English poetry

Poems in English


492. Dialogue Song-Philly and Willy

He. O PHILLY, happy be that day,
When roving thro’ the gather’d hay,
My youthfu’ heart was stown away,
And by thy charms, my Philly.
She. O Willy, aye I bless the grove
Where first I own’d my maiden love,
Whilst thou did pledge the Powers above,
To be my ain dear Willy.
Both. For a’ the joys that gowd can gie,
I dinna care a single flie;
The { lad lass } I love’s the { lad lass } for me,
And that’s my ain dear { Willy. Philly. }

He. As songsters of the early year,
Are ilka day mair sweet to hear,
So ilka day to me mair dear
And charming is my Philly.
She. As on the brier the budding rose,
Still richer breathes and fairer blows,
So in my tender bosom grows
The love I bear my Willy.
Both. For a’ the joys, &c.

He. The milder sun and bluer sky
That crown my harvest cares wi’ joy,
Were ne’er sae welcome to my eye
As is a sight o’ Philly.
She. The little swallow’s wanton wing,
Tho’ wafting o’er the flowery Spring,
Did ne’er to me sic tidings bring,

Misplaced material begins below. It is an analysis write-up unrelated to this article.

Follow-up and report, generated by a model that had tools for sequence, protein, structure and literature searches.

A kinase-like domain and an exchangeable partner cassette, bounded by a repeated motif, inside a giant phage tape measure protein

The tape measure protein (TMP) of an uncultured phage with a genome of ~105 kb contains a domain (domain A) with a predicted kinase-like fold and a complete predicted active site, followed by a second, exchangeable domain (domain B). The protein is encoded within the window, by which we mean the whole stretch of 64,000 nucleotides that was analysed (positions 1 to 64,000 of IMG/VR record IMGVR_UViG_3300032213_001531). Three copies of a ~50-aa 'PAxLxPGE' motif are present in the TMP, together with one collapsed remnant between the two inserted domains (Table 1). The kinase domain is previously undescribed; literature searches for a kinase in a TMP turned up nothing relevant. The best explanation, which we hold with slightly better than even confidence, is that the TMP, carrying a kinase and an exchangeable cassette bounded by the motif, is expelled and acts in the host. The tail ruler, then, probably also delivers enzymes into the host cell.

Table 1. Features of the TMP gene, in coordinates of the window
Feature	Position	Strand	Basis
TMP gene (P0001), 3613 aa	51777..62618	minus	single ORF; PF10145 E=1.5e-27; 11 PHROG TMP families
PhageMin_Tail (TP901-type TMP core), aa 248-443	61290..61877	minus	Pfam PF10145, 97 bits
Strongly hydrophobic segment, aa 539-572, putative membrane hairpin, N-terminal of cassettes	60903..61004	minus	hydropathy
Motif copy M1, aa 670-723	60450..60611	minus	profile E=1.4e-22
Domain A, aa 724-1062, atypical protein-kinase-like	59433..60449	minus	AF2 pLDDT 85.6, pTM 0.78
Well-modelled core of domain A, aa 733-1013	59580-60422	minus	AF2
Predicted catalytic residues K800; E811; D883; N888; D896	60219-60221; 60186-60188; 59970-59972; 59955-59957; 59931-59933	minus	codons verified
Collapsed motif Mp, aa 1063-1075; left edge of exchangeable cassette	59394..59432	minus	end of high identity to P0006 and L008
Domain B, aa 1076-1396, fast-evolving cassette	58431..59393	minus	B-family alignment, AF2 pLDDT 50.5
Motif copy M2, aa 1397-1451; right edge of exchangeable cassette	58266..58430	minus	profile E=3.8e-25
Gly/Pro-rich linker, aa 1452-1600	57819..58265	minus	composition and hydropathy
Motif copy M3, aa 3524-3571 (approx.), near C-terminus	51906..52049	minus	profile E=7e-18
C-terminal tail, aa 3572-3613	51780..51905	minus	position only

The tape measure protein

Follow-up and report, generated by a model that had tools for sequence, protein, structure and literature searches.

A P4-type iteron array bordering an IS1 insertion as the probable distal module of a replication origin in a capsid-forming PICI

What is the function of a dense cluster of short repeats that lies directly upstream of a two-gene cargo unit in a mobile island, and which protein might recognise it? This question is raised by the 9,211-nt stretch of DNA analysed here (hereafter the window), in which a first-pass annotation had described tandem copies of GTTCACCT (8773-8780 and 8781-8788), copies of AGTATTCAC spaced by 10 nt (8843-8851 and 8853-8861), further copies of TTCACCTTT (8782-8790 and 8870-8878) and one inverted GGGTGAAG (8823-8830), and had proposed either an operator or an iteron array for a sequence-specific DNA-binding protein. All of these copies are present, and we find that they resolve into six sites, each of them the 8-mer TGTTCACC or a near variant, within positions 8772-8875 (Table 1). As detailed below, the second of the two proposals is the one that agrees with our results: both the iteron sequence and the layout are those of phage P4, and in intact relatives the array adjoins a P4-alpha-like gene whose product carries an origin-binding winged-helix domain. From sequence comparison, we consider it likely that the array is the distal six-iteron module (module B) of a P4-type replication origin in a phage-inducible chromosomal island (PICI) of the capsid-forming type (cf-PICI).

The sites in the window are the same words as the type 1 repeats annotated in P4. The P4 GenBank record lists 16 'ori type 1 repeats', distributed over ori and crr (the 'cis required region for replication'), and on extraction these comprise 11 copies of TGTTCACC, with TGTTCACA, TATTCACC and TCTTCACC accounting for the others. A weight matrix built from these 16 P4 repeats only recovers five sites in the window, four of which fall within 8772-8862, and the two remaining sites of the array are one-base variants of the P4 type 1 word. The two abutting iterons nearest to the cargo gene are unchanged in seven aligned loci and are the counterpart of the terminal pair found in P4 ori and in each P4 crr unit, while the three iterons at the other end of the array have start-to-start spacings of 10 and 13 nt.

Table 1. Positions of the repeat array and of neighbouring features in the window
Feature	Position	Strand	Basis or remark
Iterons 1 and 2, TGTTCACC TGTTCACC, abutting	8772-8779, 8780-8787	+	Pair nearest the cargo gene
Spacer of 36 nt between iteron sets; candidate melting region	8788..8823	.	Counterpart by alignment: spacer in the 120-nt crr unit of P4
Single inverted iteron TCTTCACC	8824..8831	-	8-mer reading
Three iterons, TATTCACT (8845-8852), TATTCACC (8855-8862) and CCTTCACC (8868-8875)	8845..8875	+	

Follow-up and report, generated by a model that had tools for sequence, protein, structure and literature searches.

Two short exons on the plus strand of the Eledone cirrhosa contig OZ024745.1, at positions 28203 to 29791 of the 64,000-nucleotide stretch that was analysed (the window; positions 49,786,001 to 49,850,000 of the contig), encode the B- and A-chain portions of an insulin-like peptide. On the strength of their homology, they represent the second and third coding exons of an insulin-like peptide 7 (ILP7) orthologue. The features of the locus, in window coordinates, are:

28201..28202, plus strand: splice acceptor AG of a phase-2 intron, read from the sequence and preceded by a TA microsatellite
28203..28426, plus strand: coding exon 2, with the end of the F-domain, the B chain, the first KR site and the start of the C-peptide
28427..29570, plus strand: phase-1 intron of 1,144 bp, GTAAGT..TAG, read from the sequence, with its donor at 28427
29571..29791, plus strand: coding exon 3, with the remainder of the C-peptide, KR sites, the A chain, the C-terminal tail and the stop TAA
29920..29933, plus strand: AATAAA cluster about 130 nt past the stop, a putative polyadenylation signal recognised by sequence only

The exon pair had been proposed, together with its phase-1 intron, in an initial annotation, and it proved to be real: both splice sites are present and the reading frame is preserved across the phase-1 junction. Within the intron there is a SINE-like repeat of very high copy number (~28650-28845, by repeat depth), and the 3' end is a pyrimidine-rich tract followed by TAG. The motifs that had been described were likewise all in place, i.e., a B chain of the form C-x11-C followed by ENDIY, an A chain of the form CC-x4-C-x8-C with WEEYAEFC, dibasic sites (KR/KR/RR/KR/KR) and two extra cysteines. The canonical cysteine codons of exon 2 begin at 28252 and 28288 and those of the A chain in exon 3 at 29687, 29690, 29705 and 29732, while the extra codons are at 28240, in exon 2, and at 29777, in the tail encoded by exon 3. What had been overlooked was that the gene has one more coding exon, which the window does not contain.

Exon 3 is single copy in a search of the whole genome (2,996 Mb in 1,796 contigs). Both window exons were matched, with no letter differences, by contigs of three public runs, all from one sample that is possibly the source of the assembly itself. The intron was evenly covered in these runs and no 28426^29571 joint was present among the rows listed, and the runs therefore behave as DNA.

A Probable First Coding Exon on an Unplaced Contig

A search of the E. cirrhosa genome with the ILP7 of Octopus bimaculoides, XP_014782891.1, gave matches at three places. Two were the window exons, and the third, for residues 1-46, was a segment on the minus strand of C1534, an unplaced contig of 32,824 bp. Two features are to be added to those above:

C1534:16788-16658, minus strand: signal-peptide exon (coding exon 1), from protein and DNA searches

As meeting o’ my Willy.
Both. For a’ the joys, &c.

He. The bee that thro’ the sunny hour
Sips nectar in the op’ning flower,
Compar’d wi’ my delight is poor,
Upon the lips o’ Philly.
She. The woodbine in the dewy weet,
When ev’ning shades in silence meet,
Is nocht sae fragrant or sae sweet
As is a kiss o’ Willy.
Both. For a’ the joys, &c.

He. Let fortune’s wheel at random rin,
And fools may tine and knaves may win;
My thoughts are a’ bound up in ane,
And that’s my ain dear Philly.
She. What’s a’ the joys that gowd can gie?
I dinna care a single flie;
The lad I love’s the lad for me,
And that’s my ain dear Willy.
Both. For a’ the joys, &c.

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Poem 492. Dialogue Song-Philly and Willy - Robert Burns